PYTHONPATH='/usr/whattheshit' python -c 'import sys; print(sys.path)' [ '', '/usr/whattheshit', '/usr/lib/python2.7', '/usr/lib/python2.7/plat-x86_64-linux-gnu', '/usr/lib/python2.7/lib-tk', '/usr/lib/python2.7/lib-old', '/usr/lib/python2.7/lib-dynload', '/usr/local/lib/python2.7/dist-packages', '/usr/lib/python2.7/dist-packages', '/usr/lib/python2.7/dist-packages/gtk-2.0' ]
You might be wondering what all that
/usr/* stuff is at the end. You’ll find out next!
3) System python installation paths
That’s what all those
/usr/* paths are. This depends on where python is installed on your platform and is where all of the core packages and files are located.
You already saw this list of these previously but here’s the exact list on my linux machine:
[ '/usr/lib/python2.7', '/usr/lib/python2.7/plat-x86_64-linux-gnu', '/usr/lib/python2.7/lib-tk', '/usr/lib/python2.7/lib-old', '/usr/lib/python2.7/lib-dynload', '/usr/local/lib/python2.7/dist-packages', '/usr/lib/python2.7/dist-packages', '/usr/lib/python2.7/dist-packages/gtk-2.0' ]
I rarely ever have to pay any attention to these system paths. All you really have to know is that they’re there.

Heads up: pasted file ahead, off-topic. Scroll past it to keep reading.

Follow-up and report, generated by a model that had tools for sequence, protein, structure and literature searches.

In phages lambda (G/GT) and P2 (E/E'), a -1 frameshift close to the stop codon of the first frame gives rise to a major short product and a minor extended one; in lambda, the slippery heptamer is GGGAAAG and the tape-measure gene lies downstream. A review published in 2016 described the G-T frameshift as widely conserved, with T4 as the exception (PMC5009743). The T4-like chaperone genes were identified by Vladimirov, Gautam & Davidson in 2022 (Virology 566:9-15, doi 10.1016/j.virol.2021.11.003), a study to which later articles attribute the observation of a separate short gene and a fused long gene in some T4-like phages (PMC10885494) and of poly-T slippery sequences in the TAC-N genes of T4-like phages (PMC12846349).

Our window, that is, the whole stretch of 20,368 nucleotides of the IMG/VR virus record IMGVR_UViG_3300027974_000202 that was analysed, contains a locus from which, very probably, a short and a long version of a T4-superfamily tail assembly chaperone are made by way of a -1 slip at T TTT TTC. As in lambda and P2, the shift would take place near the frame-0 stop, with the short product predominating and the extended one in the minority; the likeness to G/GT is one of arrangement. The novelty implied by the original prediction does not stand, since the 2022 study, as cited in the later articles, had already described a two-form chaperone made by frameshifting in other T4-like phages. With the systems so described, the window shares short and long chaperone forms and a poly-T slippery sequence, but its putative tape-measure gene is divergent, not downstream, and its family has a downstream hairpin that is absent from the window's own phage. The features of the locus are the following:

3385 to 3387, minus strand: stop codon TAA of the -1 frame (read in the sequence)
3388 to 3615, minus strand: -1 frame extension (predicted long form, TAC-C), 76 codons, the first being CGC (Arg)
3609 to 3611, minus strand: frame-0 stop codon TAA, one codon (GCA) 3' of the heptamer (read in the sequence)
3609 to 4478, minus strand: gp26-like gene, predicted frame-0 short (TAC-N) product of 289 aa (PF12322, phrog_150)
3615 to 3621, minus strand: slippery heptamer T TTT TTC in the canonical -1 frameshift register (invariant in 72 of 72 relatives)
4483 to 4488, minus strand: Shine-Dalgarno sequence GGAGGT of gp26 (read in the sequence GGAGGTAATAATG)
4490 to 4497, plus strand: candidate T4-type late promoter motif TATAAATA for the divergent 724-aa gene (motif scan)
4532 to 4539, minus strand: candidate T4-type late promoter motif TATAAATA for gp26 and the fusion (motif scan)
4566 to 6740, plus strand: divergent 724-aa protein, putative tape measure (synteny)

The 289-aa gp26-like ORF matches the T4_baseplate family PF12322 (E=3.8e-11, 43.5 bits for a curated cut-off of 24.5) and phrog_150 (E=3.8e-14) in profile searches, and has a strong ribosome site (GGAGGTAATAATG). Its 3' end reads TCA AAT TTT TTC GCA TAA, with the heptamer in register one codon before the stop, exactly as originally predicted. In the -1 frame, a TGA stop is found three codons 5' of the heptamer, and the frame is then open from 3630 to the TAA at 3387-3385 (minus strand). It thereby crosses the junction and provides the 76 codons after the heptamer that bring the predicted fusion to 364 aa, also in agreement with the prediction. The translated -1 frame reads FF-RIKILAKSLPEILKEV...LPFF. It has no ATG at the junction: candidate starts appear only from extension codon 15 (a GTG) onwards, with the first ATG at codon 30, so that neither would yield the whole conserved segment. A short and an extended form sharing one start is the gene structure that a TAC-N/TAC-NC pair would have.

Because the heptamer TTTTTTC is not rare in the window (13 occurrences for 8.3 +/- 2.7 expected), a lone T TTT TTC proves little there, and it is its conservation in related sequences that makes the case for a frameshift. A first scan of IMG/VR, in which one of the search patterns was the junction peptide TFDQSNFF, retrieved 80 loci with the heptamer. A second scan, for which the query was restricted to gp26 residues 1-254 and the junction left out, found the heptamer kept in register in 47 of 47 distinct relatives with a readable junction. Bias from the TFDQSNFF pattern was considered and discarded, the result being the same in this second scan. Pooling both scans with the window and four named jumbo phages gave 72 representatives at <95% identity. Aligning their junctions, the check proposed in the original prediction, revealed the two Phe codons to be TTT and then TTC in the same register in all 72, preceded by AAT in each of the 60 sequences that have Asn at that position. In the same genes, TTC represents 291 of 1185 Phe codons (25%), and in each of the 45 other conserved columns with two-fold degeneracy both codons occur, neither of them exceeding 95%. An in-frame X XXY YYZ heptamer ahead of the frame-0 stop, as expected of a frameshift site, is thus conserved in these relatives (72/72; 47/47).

All together, the search path (
sys.path) is made up of:
Once its constructed based on the rules above, it remains the same throughout the lifetime of the program if unmodified.
Sometimes you need to add a directory to the search path at runtime to get what you need, which I’ll explain below.
What if I have a module with the same name as a builtin module?
This depends. If you’re doing
import sys or
from sys ... and
sys is also a module you defined, python will still return the built-in one first (because
sys matches the name of a built-in). However, if you use dots (because your version of
sys is in a specific package), then chances are find your specific version. For example:
import test.sys because
test.sys does not exist as a built-in (there is no built-in package named
When would you ever really need to change
If you’re always running a top level program, you usually don’t have to.
app/ main.py package_a/ package_b/ subdirectory_a/ utility.py module_a.py
python main.py will append the directory containing the script (
app/) to the module search path, which gives it access to pretty much everything from the toplevel down (all the top level modules and packages).
main.py can have
import module_a because
module_a is in
However, what if
import module_a was also in the file
Well, first of all, executing
python subdirectory_a/utility.py will add
subdirectory_a to the search path (because the rule is that if you execute a script, the parent directory containing that script is added to the front of
sys.path). But since
app/ is not in our search path, we’re going to get a
We have a few options here to get what we want:
utility.pyto the top level directory
/app(hey that’s cheating!)
sys.pathto include the path to
PYTHON_PATHto path to
Lets take a look at option #2. We can do this in the main script itself.
import sys sys.path.append('path/to/app/') import module_a
Now our import will succeed!tags: